Project Manager’s Checklist: Risk Management

Welcome to another article related to Project Management. It is devoted to a knowledge area, a project manager needs to be competent at, which is Risk Management. Hope you will enjoy this topic and learn something new.

What is the risk

Risks management is a main headache for the Project Manager. If everything everywhere would go without issues, then everything would happen as planned and life would be boring. Our day-to-day reality is that some things go in a different way than we planned, assumed, or predicted. The things that may go different or that may happen and influence the project are called Risks. They have not happened yet, but there is some probability that they will happen and harm the project or bring some benefit to it. So far, our role as a Project Manager is to increase the probability and impact of positive events and decrease the probability and impact of negative events.

Risk management process

The PMBOK has a great definition of risks management processes. Everything starts with the Planning of the Risks Management on the project, during which, the Process Planning Group defines how we will work with the risks. It can define approaches, technics, tools, and templates that should be used. The next phase is Risks Identification. In this phase, we make our best to identify all possible risks that may happen. After that, we perform Qualitative and Quantitative risks analyses. Then we need to take decisions on what risks and how we will handle during Plan Risks Responses phase. The final process is Risks Controlling. It lasts for the whole phase of the project execution and ends at the end of the project.

PM's Checklist - Risk Management Diagram

Risks Identification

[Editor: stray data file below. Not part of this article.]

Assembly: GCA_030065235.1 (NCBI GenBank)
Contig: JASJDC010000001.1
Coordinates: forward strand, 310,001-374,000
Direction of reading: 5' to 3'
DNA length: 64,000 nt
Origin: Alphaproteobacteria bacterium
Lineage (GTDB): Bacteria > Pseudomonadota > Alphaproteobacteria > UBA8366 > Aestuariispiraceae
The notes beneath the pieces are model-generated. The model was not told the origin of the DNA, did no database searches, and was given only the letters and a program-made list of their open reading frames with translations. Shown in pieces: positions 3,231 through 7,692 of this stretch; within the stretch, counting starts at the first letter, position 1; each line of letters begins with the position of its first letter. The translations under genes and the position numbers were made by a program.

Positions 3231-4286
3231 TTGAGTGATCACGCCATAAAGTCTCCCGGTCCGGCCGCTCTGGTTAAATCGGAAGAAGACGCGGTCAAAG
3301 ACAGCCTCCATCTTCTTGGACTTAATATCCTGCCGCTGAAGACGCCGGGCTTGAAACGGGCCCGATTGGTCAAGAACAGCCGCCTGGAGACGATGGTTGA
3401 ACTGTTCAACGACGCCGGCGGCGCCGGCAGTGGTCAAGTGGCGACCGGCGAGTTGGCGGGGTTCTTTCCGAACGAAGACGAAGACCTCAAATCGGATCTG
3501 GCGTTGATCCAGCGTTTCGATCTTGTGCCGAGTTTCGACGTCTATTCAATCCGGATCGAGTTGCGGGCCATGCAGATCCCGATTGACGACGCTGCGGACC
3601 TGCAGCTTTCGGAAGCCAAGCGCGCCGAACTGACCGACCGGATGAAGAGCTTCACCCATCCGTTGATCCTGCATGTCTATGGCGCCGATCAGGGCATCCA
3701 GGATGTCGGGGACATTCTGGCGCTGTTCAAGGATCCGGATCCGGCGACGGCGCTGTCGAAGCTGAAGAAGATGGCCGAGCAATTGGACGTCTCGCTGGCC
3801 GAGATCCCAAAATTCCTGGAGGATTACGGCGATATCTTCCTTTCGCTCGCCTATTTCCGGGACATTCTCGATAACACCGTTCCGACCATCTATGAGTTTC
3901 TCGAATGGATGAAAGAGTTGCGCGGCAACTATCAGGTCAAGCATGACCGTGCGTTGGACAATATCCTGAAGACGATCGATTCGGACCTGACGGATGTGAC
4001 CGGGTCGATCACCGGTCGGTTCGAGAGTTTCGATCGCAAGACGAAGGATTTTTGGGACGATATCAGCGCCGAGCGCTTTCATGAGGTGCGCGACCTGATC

How do we know about the Risks that may occur at a specific project at all? This is a good question. The process of gathering all of the risks is called Risks Identification. It starts right after all main plans, stakeholder register, scope baseline, activities cost, and durations are ready. Read about Stakeholders management in detail, in my previous article Perfecting Stakeholders.

There are quite a lot of technics to use for risk identification, and you can choose any technics that you like. Some of the popular technics are documentation review, Brainstorming, Delphi technique, interviewing, and root cause analysis. I prefer using Brainstorming with root cause analysis because they help to identify quite complex and non-standard risks.

Let’s take a closer look at Brainstorming technique. To identify risks, we need to pass through the following steps:

  1. Brainstorm on possible catastrophes.
  2. Build scenarios for this catastrophes.
  3. Analyze root causes of this catastrophes.

The first technic is Brainstorming. The main idea is to gather the planning working group and delve into all risks you can think of. You can use a few hints to make this event more productive:

  1. Ask a direct question in the form of a nightmare – what is the worst outcome of the project you can think of?
  2. Use a crystal ball – imagine that you have the ability to look into the future. Imagine what newspaper headlines can be dedicated to failures of your project.
  3. Describe controversial views on the future – ask to describe the most positive and successful outcomes of the project and then the worst possible.
  4. Ask about a failure that has no guilty person – How a project can fail without anyone guilty in it? Competitors? Nature? Etc.
  5. Ask about a failure where there is a guilty person – how can we fail the project? How can Customers fail the project? How many team members can fail the project?
  6. Describe a partial failure – Imagine the case when the project succeeds, but one or more of the stakeholders would be unsatisfied or angry.

Brainstorming sessions can be very emotional and exciting, and it would be great if you have a dedicated person to take notes about the raised items. Another barrier to overcome is the closeness of the group. Your group members should not be shy or afraid of one another to bring up the craziest ideas ever.

At the final step, think and gather the root causes of every one of the scenarios. The root causes are the risks that may affect the project and the trigger for this risk to happen.